New Year’s Soba

We had a nice, quiet family New Year’s Eve, made special by traditional New Year’s soba (thin buckwheat noodles).

Yusuke put together his usual soba sauce:

  • soy sauce
  • mirin
  • sake
  • sugar
  • dashi
  • water

The “toppings” were boiled daikon, spinach, and carrots, along with raw white mushrooms. We also had some leftover teriyaki chicken that my mom had prepared. Finally, we had fortuitously procured a nagaimo from a nifty Japanese grocery store in Denver.

“Nagaimo” is literally translated as “thin potato.” I watched a video once about how they are grown; their long shape and tendency to grow straight down makes them quite labour-intensive to harvest. It’s very rare to come across them in Montreal, and they’re usually from China. But we’ve found Japanese-grown specimens a few times in Colorado. Nagaimo is frequently eaten raw. When grated, it becomes incredibly sticky (ネバネバ !) and can be poured over or mixed with noodles or rice. In this state, it’s called tororo. It can also be eaten with things like tuna (check out a description mid-way down this page) or veggies.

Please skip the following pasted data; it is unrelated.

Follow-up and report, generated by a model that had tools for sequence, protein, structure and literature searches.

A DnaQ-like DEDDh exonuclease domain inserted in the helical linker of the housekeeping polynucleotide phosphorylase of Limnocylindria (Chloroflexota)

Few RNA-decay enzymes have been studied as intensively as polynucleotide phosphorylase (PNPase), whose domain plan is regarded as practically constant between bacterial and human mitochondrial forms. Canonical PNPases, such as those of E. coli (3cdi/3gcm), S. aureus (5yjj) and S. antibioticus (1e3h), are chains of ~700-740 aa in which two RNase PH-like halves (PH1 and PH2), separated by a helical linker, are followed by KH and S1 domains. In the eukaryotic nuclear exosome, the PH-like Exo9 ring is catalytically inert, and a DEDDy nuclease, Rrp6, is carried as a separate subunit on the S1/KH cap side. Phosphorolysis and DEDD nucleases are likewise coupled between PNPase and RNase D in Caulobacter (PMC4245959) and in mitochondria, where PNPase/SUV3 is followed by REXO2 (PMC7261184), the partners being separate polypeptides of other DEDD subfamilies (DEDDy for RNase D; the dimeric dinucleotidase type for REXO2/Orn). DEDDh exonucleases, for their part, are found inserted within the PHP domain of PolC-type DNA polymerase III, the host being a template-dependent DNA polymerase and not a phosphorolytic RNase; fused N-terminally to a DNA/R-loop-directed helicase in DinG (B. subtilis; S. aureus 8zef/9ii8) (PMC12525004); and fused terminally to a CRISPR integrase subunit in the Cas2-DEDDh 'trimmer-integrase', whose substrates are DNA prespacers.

The soba-eating procedure is to pour broth in a bowl, add noodles, pile in veggies, mix everything up, and slurp.

Apparently the long, thin shape of soba is lucky for long life, and of course, a happy new year.

Bonne Année, あけましておめでとうございます, Athbhliain faoi mhaise dhuit.

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2 Comments

  1. CP said

    Happy New Year Megan!

    Is the Nagaimo the white stuff in the middle?

  2. Megan said

    Yup, that’s it! It’s a potato, but it becomes almost a liquid when grated. This Google image search shows some examples: http://www.google.com/images?hl=en&q=%E3%81%A8%E3%82%8D%E3%82%8D&um=1&ie=UTF-8&source=og&sa=N&tab=wi&biw=881&bih=565

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